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Conservation and Environment in Mexico: Monthly Updates

Project Overview Additional Project Info Monthly Updates

Conservation in Mexico - Monthly Update August - September 2011

Adult Olive Ridley

High season for the Olive Ridley turtles.

Finally the high season for turtle nest collection is here, and at the Projects Abroad Turtle camp we feel really glad that we have a chance once more to be part of the effort to preserve large numbers of the Olive Ridley species.  Already we have been able to collect over 900 nests, and we anticipate that before the end of September we will reach 1500 nests.  It’s a really good start as we havealreadyexceeded our own expectations.

Working hard in the corral

The addition of a new quadbike supplied by the Government has helped a lot with the work load and this has been reflected in the results. The amount of eggs we collect results from our operational capabilities. A new quad bike and more volunteers are all factors that have improved the overall results at the camp.

On Thursday the 18thSeptember we had our first south wind effect.When strong winds are blowing up from the south, it usually means that a large number of turtles are expected to come on to the beach to lay their eggs during the night.  The strong winds and rain make the conditions difficult for predators, which is perhaps why the turtles like to lay the eggs during this time.  This phenomenon came at the right time as we had 14 volunteers who proved their help to be really valuable.  The patrols commenced around 2:30pm. And as every shift was returning there were eggs that needed to be buried.  The volunteers worked tirelessly and the outcome by the next morning was 132 nests buried in the corral!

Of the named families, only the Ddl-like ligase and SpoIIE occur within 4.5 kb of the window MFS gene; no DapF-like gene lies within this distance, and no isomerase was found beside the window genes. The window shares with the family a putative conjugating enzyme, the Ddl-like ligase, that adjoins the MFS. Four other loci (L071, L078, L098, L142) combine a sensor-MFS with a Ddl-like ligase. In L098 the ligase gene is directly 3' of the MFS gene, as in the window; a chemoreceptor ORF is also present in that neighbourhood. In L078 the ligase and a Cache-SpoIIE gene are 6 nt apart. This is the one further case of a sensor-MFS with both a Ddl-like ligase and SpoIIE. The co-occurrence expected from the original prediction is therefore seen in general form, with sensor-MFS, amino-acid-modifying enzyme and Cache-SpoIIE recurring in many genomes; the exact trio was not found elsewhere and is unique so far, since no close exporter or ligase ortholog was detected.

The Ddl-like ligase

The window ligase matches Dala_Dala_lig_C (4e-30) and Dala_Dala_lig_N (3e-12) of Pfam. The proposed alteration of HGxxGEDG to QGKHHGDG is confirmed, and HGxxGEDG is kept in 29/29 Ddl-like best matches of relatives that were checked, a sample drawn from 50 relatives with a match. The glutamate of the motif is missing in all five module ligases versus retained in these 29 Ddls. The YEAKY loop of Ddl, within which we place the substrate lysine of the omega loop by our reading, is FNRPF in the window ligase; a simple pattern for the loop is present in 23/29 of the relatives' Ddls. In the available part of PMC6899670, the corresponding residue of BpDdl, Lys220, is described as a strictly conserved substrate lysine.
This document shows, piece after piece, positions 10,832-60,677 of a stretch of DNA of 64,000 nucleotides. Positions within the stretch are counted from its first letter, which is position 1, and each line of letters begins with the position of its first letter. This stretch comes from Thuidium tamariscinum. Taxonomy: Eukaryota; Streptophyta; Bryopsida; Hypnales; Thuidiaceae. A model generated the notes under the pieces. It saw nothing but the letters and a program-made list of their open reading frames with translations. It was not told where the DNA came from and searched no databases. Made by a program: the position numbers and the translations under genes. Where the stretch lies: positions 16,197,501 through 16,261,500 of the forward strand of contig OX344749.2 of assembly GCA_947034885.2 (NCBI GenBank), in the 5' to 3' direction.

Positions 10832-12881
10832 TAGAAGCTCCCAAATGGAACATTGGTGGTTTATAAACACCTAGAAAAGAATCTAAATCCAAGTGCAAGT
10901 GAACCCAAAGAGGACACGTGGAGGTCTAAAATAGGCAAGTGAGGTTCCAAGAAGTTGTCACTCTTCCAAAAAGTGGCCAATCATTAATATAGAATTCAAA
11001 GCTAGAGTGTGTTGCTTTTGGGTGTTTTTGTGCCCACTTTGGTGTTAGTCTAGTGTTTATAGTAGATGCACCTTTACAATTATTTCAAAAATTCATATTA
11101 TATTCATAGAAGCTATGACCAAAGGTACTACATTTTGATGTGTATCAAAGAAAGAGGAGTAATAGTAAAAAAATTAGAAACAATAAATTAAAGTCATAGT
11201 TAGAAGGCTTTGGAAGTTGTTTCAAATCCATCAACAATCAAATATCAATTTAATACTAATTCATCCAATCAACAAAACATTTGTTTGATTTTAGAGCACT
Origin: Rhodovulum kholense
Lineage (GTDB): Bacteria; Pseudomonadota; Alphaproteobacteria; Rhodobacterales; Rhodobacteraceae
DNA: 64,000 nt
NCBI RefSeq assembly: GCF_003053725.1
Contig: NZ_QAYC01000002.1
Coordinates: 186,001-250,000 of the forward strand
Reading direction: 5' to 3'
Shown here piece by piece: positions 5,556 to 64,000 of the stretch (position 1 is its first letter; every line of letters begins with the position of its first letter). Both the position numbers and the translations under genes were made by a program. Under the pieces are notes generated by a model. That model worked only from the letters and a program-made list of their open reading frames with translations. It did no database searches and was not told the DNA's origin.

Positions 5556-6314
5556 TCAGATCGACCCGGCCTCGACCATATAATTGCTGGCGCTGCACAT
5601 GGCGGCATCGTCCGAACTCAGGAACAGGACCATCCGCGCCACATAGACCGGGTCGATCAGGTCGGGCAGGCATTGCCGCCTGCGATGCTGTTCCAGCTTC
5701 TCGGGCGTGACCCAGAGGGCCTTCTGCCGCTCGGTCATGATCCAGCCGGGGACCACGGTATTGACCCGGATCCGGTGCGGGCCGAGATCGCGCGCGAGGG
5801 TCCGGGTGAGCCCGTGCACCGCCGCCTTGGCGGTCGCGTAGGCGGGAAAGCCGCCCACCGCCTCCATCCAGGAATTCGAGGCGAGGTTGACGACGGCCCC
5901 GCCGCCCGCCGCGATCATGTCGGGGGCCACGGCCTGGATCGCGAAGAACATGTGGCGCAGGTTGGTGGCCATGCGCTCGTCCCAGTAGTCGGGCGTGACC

Protecting the corral with sandbags

However, it was not all fun and games!  A meteorological phenomenontook place in both the Pacific and Atlantic oceans, where two different tropical depressions met along with a low pressure channel. This caused a massive tidal surge that for over 4 days made the sea level considerably higher than normal.  The waves were battering the coastline, and the presence of the volunteers in camp was crucial to help build barricades in order to protect the incubation areas and the buildings.

New born crocodiles

Baby crocs!

The much anticipated birth of the new baby crocodiles finally took place, however sadly due to a combination ofexcessive rains and very high humidity levels this summer, a large number of the offspring did not survive.  Nevertheless there was a few that made it out alive. They were collected and are now in the pools where in the coming months they will be branded and measured so that their growth can be monitored.

Oliver Garcia
Conservation Director
September 2011
Projects Abroad

Management Plan, Data & Reports

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